The National Heart, Lung and Blood Institute has renewed and expanded a Baylor College of Medicine training program in the molecular physiology of the cardiovascular system for five years.

The program, funded at $2,273,970 over five years in the latest grant, is led by Dr. Susan Hamilton, chair of molecular physiology and biophysics at BCM with co-directors Dr. Mary Dickinson and Dr. Xander Wehrens, both associate professors in the same department.

This training program has been part of the school's educational offerings since 1989, training 32 predoctoral and 68 postdoctoral students since its inception. The current grant funds 10 students per year for five years. It is the second largest such training program in the College, exceeded only by the M.D./Ph.D. program. Both are T32 grants funded by the National Institutes of Health to provide focused and state-of-the art training in a particular area of biomedicine.

"This program seeks out talented young scientists who want to work at the interface between basic and clinical research," said Hamilton.

In particular, they work in four different areas:

  • The electrophysiology of the heart and the excitability of its tissues and cells.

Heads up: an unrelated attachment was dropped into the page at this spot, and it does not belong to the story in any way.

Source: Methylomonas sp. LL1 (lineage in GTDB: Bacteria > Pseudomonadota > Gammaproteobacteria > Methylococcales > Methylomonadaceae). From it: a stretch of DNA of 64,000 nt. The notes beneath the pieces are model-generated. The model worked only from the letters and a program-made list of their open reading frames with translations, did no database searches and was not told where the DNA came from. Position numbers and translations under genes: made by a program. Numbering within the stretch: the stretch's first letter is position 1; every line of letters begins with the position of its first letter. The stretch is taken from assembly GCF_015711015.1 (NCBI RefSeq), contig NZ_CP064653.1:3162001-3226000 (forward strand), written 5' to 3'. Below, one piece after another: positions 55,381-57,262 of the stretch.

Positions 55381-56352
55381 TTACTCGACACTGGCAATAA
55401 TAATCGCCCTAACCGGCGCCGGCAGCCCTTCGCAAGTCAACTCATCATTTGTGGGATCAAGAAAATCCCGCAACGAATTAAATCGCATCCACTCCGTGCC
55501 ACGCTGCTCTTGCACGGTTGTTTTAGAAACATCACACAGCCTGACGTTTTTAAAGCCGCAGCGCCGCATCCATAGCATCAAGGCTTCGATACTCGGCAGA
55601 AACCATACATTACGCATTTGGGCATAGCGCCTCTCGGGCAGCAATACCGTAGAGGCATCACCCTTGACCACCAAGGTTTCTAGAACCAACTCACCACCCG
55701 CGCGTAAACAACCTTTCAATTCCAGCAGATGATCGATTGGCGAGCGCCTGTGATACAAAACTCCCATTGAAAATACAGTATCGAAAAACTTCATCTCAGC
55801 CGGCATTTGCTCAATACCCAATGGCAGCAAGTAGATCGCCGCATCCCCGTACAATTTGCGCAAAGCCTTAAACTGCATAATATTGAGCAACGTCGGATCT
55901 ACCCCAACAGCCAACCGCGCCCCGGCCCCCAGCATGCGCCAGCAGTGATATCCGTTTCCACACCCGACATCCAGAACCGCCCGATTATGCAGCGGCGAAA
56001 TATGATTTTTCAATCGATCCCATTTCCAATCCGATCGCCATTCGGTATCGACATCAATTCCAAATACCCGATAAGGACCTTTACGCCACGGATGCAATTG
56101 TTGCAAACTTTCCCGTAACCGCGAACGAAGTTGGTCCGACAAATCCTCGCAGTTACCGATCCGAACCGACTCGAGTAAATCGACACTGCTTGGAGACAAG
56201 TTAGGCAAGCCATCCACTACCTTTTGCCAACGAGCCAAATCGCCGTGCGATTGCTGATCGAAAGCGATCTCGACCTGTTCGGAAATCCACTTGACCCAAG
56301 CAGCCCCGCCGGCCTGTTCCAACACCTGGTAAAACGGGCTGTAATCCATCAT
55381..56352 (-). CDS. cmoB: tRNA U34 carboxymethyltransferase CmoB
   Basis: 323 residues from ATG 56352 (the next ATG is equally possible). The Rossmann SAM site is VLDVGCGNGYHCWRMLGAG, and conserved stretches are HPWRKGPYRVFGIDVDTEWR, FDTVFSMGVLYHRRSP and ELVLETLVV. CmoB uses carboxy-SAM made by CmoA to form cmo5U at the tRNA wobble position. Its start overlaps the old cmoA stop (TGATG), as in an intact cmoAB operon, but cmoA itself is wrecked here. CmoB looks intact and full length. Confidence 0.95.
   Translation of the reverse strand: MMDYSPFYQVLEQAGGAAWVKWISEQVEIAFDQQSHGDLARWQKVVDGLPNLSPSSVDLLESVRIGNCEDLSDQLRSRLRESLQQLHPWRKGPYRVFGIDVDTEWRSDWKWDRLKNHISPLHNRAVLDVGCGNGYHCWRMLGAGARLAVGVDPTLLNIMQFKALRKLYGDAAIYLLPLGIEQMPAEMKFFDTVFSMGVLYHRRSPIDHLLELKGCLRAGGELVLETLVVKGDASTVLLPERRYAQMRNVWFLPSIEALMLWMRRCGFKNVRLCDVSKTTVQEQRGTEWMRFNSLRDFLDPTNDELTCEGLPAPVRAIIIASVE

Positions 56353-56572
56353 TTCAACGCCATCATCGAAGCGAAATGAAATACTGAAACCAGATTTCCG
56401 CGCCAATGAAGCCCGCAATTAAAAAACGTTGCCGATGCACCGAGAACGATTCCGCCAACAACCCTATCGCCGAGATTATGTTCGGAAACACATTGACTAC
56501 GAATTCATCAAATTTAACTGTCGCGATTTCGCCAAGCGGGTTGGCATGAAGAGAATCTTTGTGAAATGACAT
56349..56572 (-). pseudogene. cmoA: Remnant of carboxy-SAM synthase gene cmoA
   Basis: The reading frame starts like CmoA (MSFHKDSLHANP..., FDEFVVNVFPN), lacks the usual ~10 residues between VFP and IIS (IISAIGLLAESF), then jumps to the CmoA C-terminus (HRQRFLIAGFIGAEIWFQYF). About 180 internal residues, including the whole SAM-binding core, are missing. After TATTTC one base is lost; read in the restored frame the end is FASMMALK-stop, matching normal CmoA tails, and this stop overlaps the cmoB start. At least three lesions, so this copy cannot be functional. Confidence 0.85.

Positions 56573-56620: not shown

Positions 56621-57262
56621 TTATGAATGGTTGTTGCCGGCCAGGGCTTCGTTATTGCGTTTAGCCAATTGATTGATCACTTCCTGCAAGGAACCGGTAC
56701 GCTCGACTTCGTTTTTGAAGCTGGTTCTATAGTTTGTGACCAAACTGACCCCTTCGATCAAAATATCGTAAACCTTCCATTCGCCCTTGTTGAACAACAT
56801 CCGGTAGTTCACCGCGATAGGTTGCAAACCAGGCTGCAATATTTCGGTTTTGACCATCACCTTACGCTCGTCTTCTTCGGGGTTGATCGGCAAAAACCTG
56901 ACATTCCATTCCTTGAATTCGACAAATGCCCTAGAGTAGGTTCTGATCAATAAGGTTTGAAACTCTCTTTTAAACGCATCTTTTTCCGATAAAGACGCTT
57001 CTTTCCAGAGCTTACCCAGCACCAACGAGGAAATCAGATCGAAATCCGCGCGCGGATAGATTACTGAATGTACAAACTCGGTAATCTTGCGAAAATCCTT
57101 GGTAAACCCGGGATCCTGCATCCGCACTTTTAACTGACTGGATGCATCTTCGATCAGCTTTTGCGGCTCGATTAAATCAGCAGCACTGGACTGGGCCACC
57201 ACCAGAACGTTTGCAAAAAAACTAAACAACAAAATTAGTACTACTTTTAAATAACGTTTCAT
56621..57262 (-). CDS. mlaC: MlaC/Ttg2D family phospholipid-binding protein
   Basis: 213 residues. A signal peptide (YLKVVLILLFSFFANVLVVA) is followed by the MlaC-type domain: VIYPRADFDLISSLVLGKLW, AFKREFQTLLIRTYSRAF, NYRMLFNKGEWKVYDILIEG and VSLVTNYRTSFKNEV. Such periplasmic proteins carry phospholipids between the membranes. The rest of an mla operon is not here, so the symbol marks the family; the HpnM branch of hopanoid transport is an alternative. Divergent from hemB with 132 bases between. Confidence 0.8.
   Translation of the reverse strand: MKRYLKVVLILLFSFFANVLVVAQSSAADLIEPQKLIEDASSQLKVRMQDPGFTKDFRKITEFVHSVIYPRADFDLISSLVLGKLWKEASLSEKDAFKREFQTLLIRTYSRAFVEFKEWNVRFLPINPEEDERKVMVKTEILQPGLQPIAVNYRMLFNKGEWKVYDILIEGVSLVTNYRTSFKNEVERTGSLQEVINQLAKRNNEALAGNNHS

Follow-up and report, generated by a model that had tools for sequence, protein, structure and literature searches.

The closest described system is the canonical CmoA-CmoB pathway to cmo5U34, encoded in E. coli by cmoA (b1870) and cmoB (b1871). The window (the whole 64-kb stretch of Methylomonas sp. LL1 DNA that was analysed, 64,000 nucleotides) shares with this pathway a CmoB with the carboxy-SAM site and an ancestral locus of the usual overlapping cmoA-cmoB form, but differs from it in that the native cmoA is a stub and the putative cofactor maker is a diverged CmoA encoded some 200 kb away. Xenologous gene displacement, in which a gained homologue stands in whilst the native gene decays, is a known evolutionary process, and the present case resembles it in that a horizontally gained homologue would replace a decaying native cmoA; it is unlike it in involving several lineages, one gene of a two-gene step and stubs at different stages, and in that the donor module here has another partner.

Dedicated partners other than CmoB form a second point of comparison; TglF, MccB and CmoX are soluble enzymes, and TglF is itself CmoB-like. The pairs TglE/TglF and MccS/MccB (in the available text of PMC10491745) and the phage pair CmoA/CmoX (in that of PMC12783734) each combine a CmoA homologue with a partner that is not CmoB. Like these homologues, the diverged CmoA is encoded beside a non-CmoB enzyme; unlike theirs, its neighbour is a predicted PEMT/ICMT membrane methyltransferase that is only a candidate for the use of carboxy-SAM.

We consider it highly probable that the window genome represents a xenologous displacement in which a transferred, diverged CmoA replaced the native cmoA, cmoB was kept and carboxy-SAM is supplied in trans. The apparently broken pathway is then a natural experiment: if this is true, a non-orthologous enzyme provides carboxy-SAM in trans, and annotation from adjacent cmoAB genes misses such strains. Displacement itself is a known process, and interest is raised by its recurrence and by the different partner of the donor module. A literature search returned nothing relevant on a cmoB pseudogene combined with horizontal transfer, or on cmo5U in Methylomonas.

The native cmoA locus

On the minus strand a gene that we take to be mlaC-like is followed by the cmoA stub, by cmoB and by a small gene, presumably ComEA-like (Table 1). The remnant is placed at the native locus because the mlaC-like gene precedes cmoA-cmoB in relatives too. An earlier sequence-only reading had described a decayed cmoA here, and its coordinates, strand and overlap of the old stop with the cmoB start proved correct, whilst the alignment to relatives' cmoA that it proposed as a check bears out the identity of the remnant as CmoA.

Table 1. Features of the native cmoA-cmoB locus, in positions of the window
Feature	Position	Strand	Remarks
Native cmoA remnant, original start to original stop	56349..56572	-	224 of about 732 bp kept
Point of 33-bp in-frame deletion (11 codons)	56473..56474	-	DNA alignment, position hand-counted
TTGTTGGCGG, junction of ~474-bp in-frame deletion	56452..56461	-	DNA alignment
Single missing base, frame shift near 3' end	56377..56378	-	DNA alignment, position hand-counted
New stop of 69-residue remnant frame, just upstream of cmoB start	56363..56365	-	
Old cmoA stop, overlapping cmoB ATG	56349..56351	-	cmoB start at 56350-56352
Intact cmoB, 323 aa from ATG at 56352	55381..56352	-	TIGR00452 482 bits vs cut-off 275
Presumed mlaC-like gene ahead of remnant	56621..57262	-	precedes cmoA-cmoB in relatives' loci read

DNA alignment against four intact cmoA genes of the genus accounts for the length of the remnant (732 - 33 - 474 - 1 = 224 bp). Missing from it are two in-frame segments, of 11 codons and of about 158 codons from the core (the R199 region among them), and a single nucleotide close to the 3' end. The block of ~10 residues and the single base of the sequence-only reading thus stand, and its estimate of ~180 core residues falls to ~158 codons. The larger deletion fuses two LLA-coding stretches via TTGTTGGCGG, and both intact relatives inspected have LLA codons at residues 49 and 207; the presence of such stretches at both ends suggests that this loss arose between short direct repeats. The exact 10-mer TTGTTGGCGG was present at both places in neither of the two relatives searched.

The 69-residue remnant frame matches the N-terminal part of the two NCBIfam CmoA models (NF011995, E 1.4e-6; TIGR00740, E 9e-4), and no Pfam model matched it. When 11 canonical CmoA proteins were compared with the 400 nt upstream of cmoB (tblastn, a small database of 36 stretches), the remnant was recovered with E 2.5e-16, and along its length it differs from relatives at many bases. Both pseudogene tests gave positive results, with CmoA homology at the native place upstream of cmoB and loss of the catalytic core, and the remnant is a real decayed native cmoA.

• How the heart develops and the role that adult stem cells play in this process.
  • The cellular processes and signals that lead to stroke and other problems affecting the vascular system of the brain.
  • Developing new therapeutic strategies through tissue engineering and other emerging technologies.

Hamilton said, "The strong collaborative research infrastructure at Baylor College of Medicine and partner institutions in the Texas Medical Center, and the diverse background of our mentors (basic scientists and practicing clinicians) provide unique resources for the trainees affiliated with this training program. Moreover, these pre- and postdoctoral fellows will be trained as leaders of teams of scientists and physicians that collaborate in translational research."

Trainees participate in an interdisciplinary training program comprised of didactic courses, grant writing workshops, journal clubs, seminar series, ethics training, and regular interactions with training faculty.

The grant also supports the newly formed cardiovascular graduate track within the Molecular Physiology and Biophysics graduate program. The new graduate track expands the scope of the previous inter-departmental cardiovascular graduate training program. Many of the mentors come from other Texas Medical Center institutions, including the Rice University bioengineering faculty. Most of the mentors have accepted joint or adjunct appointments in the department of molecular physiology and biophysics.

"We view this as a major step toward strengthening cardiovascular collaborations between BCM and our partner institutions within the TMC," said Hamilton.

Hamilton holds the L.F. McCollum Chair in Molecular Physiology.